Four women, friends since college, live in a charming southern beach town. One of them, Penelope, has more money than God. Which may be why she insists on playing the deity from time to time. Despite her beauty and inherited wealth, she becomes preoccupied with what might happen to her husband and children if she died. So she talks her husband into signing a codicil to her will. If she should die, he won’t remarry unless the new wife (and more importantly) mother, has been approved by her sister and three best friends. Years go by, the codicil gathers dust, and more than its share of hilarity, until the unthinkable happens and everyone she loved must find their way without Penelope. Simply told, it’s old money in the New South, romantic confusion, legal entanglements, and the unbreakable bonds between four women — and a man.

Q: If your protagonist were to wake up one day with a super power, what would that super power be?
She would be able to change the electro-magnetic field of the earth so that all weapons were useless and all bullies became physically helpless.

Q: Would your villain (or antagonist) prefer to be Emperor Ming The
Merciless or Darth Vader?

Darth Vader. Because his backstory is so complicated, it makes the hero’s actions carry more emotional weight.

Q: What do you consider the heart of your story? That is, what is the issue or emotion that propels things forward? Spill your guts on this one.
The story is about how those who are in mourning often battle guilt. They sometimes sabotage their own well-being out of that guilt. It’s about how fragile we are as humans, at least those who are emotionally connected, and that connection can both weaken us against people who don’t share our sentiments, and also strengthen our powers to bounce back.

Q: If you were in charge of casting the movie adaptation of your book, who gets the call?
Patrick Dempsey (McDreamy on Grey’s Anatomy) or Liam Neeson could play Joey Adorno. Jessica Sarah Parker or Kyra Sedgewick could play the interloping nutritionist. Penelope Cruz or Holly Hunter would be great as Penelope. Lucy, Kate Winslet, Scarlett Johannsen, or Catherine Keener, who played Harper Lee in Capote and the love interest in 40 YEAR OLD VIRGIN. Martha: Frances McDormand, Cameron Diaz or Ellen Barkin. Susannah: Sandra Bullock, Tea Leoni or Kate Hudson.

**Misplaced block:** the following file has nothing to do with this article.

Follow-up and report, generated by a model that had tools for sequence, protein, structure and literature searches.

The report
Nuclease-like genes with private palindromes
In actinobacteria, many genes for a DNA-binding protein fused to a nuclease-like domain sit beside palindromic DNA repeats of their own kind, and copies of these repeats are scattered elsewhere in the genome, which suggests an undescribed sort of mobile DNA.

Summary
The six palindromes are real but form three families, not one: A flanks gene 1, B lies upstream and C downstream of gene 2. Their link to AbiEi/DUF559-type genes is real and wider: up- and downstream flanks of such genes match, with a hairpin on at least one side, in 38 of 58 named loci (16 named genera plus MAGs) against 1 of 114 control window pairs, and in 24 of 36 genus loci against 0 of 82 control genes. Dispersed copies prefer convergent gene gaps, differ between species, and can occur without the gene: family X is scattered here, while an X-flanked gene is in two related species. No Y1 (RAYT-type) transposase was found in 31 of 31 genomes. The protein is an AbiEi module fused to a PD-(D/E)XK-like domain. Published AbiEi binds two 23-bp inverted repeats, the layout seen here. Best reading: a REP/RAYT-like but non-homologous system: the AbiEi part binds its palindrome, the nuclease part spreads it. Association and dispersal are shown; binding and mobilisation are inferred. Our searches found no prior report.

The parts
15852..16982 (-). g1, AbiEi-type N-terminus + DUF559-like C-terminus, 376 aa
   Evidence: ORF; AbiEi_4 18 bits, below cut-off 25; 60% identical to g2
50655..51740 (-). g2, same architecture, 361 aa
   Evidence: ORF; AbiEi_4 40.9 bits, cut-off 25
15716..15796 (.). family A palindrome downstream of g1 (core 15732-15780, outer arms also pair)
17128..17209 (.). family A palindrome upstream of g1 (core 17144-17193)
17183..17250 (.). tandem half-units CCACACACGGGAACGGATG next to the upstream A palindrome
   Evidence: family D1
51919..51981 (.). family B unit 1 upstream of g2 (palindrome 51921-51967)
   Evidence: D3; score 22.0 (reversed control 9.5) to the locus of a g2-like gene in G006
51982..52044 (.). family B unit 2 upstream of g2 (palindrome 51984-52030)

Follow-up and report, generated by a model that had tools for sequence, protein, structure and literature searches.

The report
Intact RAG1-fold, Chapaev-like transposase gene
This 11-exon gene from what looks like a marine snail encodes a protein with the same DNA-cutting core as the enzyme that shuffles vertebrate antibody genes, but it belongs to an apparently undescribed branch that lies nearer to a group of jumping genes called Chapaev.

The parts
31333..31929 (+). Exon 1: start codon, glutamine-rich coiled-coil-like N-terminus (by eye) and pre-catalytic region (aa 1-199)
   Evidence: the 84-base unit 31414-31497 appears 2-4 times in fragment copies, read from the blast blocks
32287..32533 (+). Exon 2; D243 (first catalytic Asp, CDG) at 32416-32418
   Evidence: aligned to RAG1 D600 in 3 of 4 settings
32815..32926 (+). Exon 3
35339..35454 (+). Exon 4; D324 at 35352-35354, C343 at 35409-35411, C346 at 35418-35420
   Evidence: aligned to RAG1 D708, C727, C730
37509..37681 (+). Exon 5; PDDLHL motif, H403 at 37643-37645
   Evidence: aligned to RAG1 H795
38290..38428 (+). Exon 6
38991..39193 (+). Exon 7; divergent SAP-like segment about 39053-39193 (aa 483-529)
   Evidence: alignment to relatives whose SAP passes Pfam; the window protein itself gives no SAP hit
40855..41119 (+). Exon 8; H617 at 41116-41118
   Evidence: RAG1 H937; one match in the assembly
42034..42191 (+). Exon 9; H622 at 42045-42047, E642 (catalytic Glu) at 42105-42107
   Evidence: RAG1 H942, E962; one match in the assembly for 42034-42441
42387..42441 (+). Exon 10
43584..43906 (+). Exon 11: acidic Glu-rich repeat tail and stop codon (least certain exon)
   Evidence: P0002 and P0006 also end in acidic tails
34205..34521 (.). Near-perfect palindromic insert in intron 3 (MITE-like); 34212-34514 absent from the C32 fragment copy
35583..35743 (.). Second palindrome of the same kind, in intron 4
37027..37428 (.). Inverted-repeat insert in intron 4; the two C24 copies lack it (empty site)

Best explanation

Q: Is there a scene you cut from the book that you kind of wish you
could put back in?

Not in this one. In my first novel, set in England, my first line was Diana Lively is naked under her shiny yellow Mac. My editor at Penguin told me that too few Americans would understand that Mac is short for Mackintosh, or raincoat. So we changed the line to Diana Lively is naked under her bright yellow raincoat. The reason she’s standing there in her shower, wearing her raincoat is because she’s phobic about insects and has just discovered her pre-schooler with a packed of "Walking Stick Insect eggs" her brother has sent away for in the mail. Originally, the infestation was head lice but my friend Jane Ulrich told me lice are too "icky." I trusted her, but I hated to lose the head lice because they provided such a perfect contrast for the opulent living conditions at her husband’s suite in the Oxford colleges.

Q: Do you have a sample chapter posted?
Please go to my my website to read the first chapter. I dare you not to want to read the rest!

Q: Tell us why your editor is the best editor ever in the universe.
Because she picked up a nobody like me. Her other writers are Jodi Picoult, Vince Flynn, Brad Thor and Jennifer Wiener. And she took a chance on me! Plus, when I didn’t like the first cover they sent, she actually listened and had the new one made. Plus, she’s got a knack for cutting out superfluous and self-indulgent prose. PLUS, she came up with the title, and I think it’s a gem. It’s short, sweet, and can be understood on so many levels.